And that was only the beginning of our contentions. He was easily the most forceful early prophet of a rhetoric whose epistemological and ontological reach was so pervasive that science could not avoid its sweeping gaze—one of the few stances he held that I agreed with—upping the ante to insist widely on a “radical rhetoric of science” (2020 / 1991, 120), a rhetoric that penetrated science “without remainder” (1990, 33; see Crick 2020 / 2014, 145-149). Gross advanced and defended that position against all comers, … until the day Dilip Gaonkar attacked. His “The Idea of Rhetoric in the Rhetoric of Science” (1997 / 1993) called on us to pull in our sails and return to the modest shores of textual surfaces. While virtually all the major rhetoricians of science rejected Gaonkar’s arguments, countering them cogently, Gross lowered his sails, renounced his own earlier claims as rash, and shifted the remainder of his career to textual surfaces (prominently including visuals).

When I developed a book on rhetoric and incommensurability (Harris 2004), a wonderful collection of essays that overwhelmingly treated incommensurability as an artefact of arguers, Gross’s voice was the sole dissenting one, insisting it is a function of good old-fashion, hard-coded textual recalcitrance. That was perfectly fine, of course, couldn’t have been better. Dissenting opinions are hugely valuable. But when he reworked his Gaonkar-admonished The Rhetoric of Science into the de-radicalized Starring the Text Gross included a chapter on incommensurability purporting to compare rhetorical approaches to the problem against philosophical and historical approaches. But he did so by pretending none of his peers (Miller, Fahnestock, Campbell, Ceccarelli, Prelli, …) had anything to say about the topic and that Harris (2005) never existed. Infuriating.

But, in his way, also warm and caring and deeply committed to our common project, rhetoric of science. Gross continued to work along the surfaces of science for the rest of his career, and his last book was focused solely on the aesthetics of science writing. But, now in his 80s, he also continued to grow as a scholar of science. That final book, The Scientific Sublime (2018), was closer to literary criticism than to rhetoric, but it is cogent, insightful, and richly opinionated; it is also his most elegantly written.

So, Alan is heavily represented in the two Landmark volumes, very fittingly because he shaped and reshaped the history of the field, even while he was often swimming against the current. The only other scholars I can think of erected landmarks in their field representing such divergent positions are Ludwig Wittgenstein and Noam Chomsky, which puts Alan in pretty good company. In Case Studies, we get a strong-form, historically situated, radical rhetoric of science argument that Newton’s Opticks reinvented the physics of light solely on the basis of its structure, its timing, its accommodation of the audience, and so on; rhetoric without remainder. In Issues and Methods we get him both defending a radically pervasive rhetoric of science and then developing a (non-radical, post-Gaonkar) theory of scientific visuals that hugs the surfaces. He was a model scholar, able to change his mind in a way that few of us can, despite years of investment, and he practiced precisely what he preached. Along the way, he defined and redefined our field and he pushed the rest of us to do so as well.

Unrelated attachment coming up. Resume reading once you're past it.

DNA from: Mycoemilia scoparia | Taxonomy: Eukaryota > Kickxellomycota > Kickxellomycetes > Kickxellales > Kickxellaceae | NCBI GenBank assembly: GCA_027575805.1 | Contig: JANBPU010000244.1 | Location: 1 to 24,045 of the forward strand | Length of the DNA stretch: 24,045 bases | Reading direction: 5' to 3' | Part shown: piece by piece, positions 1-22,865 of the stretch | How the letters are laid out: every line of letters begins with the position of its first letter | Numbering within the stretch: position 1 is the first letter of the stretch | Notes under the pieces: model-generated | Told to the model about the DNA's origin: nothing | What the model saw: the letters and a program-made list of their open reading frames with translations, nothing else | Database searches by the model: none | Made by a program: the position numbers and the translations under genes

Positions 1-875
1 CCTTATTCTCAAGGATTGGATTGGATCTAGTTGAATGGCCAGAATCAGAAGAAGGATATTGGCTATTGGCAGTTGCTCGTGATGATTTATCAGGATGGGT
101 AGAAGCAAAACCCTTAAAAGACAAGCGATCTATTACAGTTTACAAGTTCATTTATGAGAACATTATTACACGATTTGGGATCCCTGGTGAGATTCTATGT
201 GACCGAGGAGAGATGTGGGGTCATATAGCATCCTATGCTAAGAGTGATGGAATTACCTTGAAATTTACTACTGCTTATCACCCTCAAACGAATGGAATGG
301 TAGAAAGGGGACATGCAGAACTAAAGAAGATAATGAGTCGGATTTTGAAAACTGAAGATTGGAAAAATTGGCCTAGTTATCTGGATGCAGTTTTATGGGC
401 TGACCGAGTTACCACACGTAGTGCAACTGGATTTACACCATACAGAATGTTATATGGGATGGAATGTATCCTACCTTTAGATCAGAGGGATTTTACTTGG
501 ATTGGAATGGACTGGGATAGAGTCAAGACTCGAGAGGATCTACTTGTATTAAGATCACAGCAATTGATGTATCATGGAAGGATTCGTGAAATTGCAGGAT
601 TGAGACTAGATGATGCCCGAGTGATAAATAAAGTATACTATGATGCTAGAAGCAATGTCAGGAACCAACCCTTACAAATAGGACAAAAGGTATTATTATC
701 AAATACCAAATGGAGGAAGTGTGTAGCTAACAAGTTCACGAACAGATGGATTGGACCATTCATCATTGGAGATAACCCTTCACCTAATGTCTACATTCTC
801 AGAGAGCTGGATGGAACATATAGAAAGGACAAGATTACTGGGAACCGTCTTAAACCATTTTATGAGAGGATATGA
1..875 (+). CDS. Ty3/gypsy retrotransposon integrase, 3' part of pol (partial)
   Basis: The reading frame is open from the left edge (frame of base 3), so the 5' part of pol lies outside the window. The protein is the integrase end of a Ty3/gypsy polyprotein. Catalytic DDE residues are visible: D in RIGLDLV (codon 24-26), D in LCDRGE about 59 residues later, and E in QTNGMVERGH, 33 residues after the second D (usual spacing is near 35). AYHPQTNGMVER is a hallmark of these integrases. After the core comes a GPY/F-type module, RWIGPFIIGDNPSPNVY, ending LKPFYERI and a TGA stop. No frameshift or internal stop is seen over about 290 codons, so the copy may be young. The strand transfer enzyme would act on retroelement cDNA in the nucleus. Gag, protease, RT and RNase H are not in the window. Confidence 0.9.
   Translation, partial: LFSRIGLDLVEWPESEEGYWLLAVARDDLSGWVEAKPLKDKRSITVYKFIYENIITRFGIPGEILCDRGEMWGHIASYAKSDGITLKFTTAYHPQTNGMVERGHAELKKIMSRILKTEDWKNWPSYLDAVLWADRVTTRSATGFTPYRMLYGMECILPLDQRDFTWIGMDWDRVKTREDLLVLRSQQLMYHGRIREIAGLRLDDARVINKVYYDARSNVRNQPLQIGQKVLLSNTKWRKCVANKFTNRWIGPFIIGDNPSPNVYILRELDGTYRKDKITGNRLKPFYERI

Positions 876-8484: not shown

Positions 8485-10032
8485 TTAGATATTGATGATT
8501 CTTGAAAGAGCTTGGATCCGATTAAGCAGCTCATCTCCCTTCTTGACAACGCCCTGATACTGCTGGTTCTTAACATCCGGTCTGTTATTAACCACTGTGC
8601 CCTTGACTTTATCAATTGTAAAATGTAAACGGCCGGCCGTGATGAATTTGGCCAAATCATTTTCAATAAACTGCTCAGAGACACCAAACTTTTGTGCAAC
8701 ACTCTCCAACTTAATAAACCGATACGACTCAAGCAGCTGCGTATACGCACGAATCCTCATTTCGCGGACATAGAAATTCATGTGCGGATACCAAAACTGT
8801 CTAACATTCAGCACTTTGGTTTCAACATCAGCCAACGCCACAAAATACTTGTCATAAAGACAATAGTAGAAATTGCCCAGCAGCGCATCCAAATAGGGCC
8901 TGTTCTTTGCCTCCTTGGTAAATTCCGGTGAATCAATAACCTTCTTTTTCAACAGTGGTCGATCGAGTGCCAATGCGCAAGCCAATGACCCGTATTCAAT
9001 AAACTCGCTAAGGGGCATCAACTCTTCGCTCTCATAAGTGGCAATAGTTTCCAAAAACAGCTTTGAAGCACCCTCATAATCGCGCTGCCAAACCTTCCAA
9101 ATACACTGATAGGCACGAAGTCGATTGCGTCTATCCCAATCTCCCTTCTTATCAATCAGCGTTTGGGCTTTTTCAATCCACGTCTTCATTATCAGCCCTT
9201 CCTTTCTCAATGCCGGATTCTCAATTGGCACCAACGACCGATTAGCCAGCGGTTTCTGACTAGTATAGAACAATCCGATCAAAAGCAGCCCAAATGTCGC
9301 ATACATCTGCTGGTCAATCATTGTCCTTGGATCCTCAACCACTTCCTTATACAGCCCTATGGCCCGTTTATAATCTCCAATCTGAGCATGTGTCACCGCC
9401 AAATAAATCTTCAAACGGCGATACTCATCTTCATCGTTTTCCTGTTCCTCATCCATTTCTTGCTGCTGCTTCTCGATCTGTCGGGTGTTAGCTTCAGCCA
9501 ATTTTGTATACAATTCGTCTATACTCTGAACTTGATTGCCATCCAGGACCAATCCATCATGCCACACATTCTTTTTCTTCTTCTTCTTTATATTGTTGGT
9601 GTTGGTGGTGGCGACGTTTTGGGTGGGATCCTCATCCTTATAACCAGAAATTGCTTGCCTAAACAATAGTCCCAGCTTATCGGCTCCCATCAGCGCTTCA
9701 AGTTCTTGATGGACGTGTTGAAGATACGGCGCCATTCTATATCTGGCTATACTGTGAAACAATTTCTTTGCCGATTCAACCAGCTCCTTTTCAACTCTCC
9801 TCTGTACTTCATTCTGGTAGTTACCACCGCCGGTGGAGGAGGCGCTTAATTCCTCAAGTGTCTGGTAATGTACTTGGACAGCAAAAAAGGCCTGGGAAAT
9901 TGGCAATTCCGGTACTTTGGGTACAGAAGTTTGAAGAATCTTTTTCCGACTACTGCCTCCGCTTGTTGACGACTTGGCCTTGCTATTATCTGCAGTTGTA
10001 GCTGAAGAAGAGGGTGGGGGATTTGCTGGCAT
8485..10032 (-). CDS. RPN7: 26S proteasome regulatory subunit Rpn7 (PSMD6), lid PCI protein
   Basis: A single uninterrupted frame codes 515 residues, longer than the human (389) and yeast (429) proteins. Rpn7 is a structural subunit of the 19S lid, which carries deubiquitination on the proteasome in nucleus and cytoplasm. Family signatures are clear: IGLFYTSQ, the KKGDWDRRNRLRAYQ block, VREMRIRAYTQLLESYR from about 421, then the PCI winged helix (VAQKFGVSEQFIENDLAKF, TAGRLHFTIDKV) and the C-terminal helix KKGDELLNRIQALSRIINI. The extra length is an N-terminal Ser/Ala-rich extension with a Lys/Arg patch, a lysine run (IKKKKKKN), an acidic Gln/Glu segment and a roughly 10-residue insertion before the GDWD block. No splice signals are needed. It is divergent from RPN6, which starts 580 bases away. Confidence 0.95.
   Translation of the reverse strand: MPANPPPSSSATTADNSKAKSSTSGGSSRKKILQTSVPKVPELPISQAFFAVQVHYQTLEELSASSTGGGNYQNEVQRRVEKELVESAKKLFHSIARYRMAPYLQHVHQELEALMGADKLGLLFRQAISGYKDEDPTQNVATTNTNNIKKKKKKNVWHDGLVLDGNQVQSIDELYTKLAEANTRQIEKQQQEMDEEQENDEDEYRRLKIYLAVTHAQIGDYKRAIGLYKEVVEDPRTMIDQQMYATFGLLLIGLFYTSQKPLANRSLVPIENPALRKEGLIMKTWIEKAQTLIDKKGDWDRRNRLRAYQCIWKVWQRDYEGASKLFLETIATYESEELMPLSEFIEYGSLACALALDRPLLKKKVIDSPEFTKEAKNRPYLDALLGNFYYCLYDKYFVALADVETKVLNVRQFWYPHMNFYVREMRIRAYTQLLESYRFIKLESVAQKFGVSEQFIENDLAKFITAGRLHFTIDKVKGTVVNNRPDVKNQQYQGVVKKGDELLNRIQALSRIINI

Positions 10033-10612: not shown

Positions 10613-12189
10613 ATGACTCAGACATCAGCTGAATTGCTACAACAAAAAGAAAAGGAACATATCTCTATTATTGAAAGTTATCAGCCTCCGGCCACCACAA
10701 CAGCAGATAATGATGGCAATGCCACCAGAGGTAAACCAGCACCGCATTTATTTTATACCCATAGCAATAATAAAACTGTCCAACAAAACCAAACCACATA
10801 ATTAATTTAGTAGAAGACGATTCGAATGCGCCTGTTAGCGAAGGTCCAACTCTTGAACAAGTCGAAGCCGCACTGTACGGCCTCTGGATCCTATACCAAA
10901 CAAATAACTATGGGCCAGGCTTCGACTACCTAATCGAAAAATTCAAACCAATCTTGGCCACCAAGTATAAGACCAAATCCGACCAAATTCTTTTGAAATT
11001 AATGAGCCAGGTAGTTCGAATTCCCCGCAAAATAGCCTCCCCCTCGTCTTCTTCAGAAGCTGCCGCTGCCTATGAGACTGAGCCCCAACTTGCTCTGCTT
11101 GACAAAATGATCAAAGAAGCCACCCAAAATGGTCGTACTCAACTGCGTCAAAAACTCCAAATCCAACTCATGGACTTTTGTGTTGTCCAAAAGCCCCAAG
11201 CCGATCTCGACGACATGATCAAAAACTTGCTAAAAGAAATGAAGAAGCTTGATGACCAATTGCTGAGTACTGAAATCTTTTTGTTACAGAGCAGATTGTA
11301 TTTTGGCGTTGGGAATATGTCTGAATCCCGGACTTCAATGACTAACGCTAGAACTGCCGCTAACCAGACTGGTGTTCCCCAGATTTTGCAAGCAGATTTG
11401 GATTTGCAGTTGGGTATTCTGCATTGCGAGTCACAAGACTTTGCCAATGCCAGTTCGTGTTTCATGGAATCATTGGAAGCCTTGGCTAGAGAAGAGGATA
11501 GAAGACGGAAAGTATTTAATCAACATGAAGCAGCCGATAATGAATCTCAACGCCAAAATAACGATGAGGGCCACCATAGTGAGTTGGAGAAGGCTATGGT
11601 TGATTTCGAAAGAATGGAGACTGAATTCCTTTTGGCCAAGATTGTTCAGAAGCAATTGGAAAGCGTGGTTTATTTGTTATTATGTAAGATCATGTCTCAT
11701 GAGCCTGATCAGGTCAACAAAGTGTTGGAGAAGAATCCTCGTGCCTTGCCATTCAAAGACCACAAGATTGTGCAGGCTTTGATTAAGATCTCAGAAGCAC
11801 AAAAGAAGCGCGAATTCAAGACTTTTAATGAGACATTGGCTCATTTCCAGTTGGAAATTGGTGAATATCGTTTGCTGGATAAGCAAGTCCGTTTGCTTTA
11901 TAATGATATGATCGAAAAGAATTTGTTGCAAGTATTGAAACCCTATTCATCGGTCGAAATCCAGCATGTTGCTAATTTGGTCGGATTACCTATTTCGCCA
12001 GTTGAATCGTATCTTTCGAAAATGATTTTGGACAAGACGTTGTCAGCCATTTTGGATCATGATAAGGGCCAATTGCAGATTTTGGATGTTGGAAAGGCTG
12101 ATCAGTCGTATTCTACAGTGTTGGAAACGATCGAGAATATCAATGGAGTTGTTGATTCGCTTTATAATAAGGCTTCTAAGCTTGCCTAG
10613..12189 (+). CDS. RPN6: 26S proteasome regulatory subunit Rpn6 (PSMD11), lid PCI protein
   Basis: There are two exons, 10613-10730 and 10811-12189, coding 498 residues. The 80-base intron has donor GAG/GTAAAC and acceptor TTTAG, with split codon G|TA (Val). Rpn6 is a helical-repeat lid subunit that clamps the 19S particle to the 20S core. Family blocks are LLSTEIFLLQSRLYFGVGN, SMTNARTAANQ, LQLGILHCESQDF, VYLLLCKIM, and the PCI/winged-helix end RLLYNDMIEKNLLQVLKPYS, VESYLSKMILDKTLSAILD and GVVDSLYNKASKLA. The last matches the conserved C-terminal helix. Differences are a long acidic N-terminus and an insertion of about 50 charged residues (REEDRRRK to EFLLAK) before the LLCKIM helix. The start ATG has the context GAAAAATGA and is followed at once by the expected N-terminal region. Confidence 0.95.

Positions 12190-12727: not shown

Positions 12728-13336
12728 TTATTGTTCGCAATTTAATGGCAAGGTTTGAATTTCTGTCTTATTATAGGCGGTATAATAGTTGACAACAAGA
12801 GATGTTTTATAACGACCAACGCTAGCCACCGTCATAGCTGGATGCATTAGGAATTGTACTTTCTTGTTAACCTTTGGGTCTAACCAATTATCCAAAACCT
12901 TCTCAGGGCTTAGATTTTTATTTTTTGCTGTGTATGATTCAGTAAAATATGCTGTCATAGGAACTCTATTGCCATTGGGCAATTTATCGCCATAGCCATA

So, we are almost back where we started. One more step and I will let you go: thanks again to Alexander William Morales for his thoughtful and generous review of these two volumes, and to the SERRC for the opportunity to respond to that review.

Author Information:

Randy Allen Harris, raha@uwaterloo.ca, University of Waterloo.


Gaonkar, Dilip Parameshwar. 1997 / 1993. “The Idea of Rhetoric in the Rhetoric of Science.” In Rhetorical Hermeneutics: Invention and Interpretation in the Age of Science edited by Alan G. Gross and William Keith, 25–85.  Albany: SUNY Press.

Gross, Alan G. 1990. The Rhetoric of Science. Cambridge, MA: Harvard University Press. (Second edition, 1996.)

Gross, Alan G. 1991. “Response to Harris.” Rhetoric Society Quarterly 21 (4): 35.

Gross, Alan G. 2006. Starring the Text: The Place of Rhetoric in Science Studies. Carbondale: Southern Illinois University Press.

Gross, Alan G. 2018. The Scientific Sublime: Popular Science Unravels the Mysteries of the Universe. New York: Oxford University Press.

Gross, Alan G. 2020 / 1993. “Rhetoric of Science Without Constraints.” In Landmark Essays in Rhetoric of Science: Issues and Methods edited by Randy Allen Harris, 111–122. London: Routledge.

Gross, Alan G. and Jonathan Buehl, eds. 2017. Science and the Internet: Communicating Knowledge in a Digital Age. London: Taylor and Francis.

Gross, Alan G., and William M. Keith, eds. 1997. Rhetorical Hermeneutics: Invention and Interpretation in the Age of Science. Albany: SUNY Press.

Halloran, S. Michael. 2018 / 1984. “The Birth of Molecular Biology: An Essay in the Rhetorical Criticism of Scientific Discourse.” In Landmark Essays in Rhetoric of Science: Case Studies, second edition, edited by Randy Allen Harris, 78–88. London: Routledge.

Harris, Randy Allen. 1991. “Review of Gross (1990).” Rhetoric Society Quarterly 21 (4): 32-35.

Harris, Randy Allen, ed. 2004. Rhetoric and Incommensurability. Lafayette, IN: Parlor Press.

Morales, Alexander William. 2021. “An X Too Far: A Review of Randy Allen Harris’s Landmark Essays on Rhetoric of Science: Case Studies and Issues and Methods.” Social Epistemology Review and Reply Collective 10 (5): 20-24.